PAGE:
So how is UCLA, which receives state funds, permitted to travel to those states?
We asked the school that very question. Here’s the response (via email) from Scott Markley, the Bruins’ senior associate athletic director for communications:
“We have not scheduled a new competition in a banned state since the law was enacted in January 2017. Should UCLA compete or recruit in a banned state, in compliance with the law, none of the costs for travel to that state will come from state funds. In addition, if a team competes in a banned state, student-athletes and staff will receive education about the relevant California law, the law at issue in the destination state and given the choice to opt out of the travel with no risk of consequence.”
In other words, the funds supporting Big Ten travel will be organically generated by the athletic department, not funneled from central campus.
So there you have it.
Could USC and UCLA have buyer’s remorse in five to 10 years because of travel demands on student-athletes in non-revenue sports? — @JustinJYuhas
Actually, we expect some degree of buyer’s remorse for the Olympic sports in the next two years, before the Trojans and Bruins begin play in the Big Ten.
We expect all teams at both schools to charter flights, and the Big Ten will undoubtedly craft a schedule that’s as manageable as possible.
But the sheer number of competitions required for some sports will necessitate a plethora of cross-country trips and many, many nights in hotel rooms.
The schools believe the financial windfall from the move will allow them to provide resources for athletes that wouldn’t have been possible in the Pac-12.
But no amount of money can compensate for lost sleep.
I don’t foresee a substantive level of regret for football or men’s basketball. But some buyer’s remorse feels inevitable, sooner than later, for the Olympic sports.
Does Cal have a football team in five years? If it does, is it just being used to get out of debt? — @MaxRexroad
This issue is made more complicated by broader forces at work in college sports.
Before wondering if the Bears will field a team, we should address whether they will want to field a team given the likelihood of athletes eventually being declared employees or pseudo-employees.
Will Cal’s administration agree to participate in a competitive landscape where pay-for-play is legal, and unavoidable? We aren’t convinced. (Same for Stanford, by the way.)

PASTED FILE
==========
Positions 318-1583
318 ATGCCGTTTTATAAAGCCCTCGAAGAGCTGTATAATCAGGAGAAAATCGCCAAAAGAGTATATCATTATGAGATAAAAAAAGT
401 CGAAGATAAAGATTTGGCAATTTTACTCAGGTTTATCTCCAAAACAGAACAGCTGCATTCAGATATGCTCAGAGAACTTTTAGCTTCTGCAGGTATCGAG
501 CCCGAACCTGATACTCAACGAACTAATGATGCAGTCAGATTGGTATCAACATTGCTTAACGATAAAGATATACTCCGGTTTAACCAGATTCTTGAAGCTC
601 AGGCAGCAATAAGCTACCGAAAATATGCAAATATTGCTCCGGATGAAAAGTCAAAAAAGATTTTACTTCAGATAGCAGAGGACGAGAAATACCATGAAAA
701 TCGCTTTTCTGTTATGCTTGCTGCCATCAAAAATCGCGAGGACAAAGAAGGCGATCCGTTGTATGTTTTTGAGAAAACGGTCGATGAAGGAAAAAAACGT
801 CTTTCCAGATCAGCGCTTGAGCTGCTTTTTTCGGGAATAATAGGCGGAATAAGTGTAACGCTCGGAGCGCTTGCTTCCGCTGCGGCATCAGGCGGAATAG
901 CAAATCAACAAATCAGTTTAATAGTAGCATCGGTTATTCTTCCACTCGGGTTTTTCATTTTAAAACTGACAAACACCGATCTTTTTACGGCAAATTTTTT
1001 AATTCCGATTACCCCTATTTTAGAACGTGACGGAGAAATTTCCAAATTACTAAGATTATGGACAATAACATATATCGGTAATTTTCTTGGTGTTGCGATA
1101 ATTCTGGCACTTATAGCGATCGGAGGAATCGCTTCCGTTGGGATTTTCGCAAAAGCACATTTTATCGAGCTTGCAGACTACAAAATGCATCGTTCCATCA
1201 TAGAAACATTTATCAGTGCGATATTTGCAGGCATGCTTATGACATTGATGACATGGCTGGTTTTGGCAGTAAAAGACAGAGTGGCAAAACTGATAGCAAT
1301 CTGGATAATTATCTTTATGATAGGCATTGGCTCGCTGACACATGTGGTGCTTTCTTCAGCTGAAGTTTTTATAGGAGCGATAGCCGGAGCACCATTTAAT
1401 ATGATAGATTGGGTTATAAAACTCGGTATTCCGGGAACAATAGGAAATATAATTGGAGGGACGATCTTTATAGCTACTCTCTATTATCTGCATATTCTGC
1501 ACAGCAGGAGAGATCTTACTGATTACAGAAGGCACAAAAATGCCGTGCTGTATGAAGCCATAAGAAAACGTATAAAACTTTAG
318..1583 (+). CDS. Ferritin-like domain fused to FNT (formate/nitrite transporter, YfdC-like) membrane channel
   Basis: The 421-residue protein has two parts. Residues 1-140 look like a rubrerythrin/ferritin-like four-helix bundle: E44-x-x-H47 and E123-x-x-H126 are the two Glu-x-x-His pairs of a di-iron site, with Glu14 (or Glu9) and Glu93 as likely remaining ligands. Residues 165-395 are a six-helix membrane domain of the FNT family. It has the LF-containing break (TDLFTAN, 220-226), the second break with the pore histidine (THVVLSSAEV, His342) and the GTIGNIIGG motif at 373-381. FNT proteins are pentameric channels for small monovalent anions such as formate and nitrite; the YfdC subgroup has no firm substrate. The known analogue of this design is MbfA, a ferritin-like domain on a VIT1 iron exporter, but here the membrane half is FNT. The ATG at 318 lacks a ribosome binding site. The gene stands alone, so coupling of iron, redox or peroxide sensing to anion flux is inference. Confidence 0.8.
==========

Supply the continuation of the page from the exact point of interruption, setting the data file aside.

As for the Bears’ ultimate landing spot, the chances of finding a home at the Power Five level are better than 50 percent. But it’s hardly assured — more like 60/40 than 90/10.
And yes, the financial factor is massive, not only with football revenue servicing the debt on the stadium renovation but also funding all those Olympic sports.
How different of a position would the Pac-12 be in today had a DirectTV been struck? — @nickbeatty72
We love what-if questions, and this is one of the biggest.
There isn’t an easy answer, however. A distribution deal cut years ago with DirecTV would have added an estimated $4 million in revenue annually to each school. But that’s chump change compared to the cash awaiting USC and UCLA in the Big Ten.
Also, consider the contractual element: Only by lowering its per-subscriber price could the Pac-12 have met DirecTV’s demands.
But that would have forced the conference to lower the price for other distributors due to the Most Favored Nation clause in the contract, thereby offsetting revenue gains from bringing on DirecTV.
So the real question is:
How different of a position would the Pac-12 be in today if former commissioner Larry Scott had followed a wholly different distribution strategy when launching the Pac-12 Networks?
Possibly quite different.
How desirable are the Arizona schools to the Big 12 or other conferences? Obviously, there are big numbers with the Phoenix market, but does it really mean a whole lot? And could the NCAA investigation into Arizona State play any part of decision making for conferences? — @WillsRice17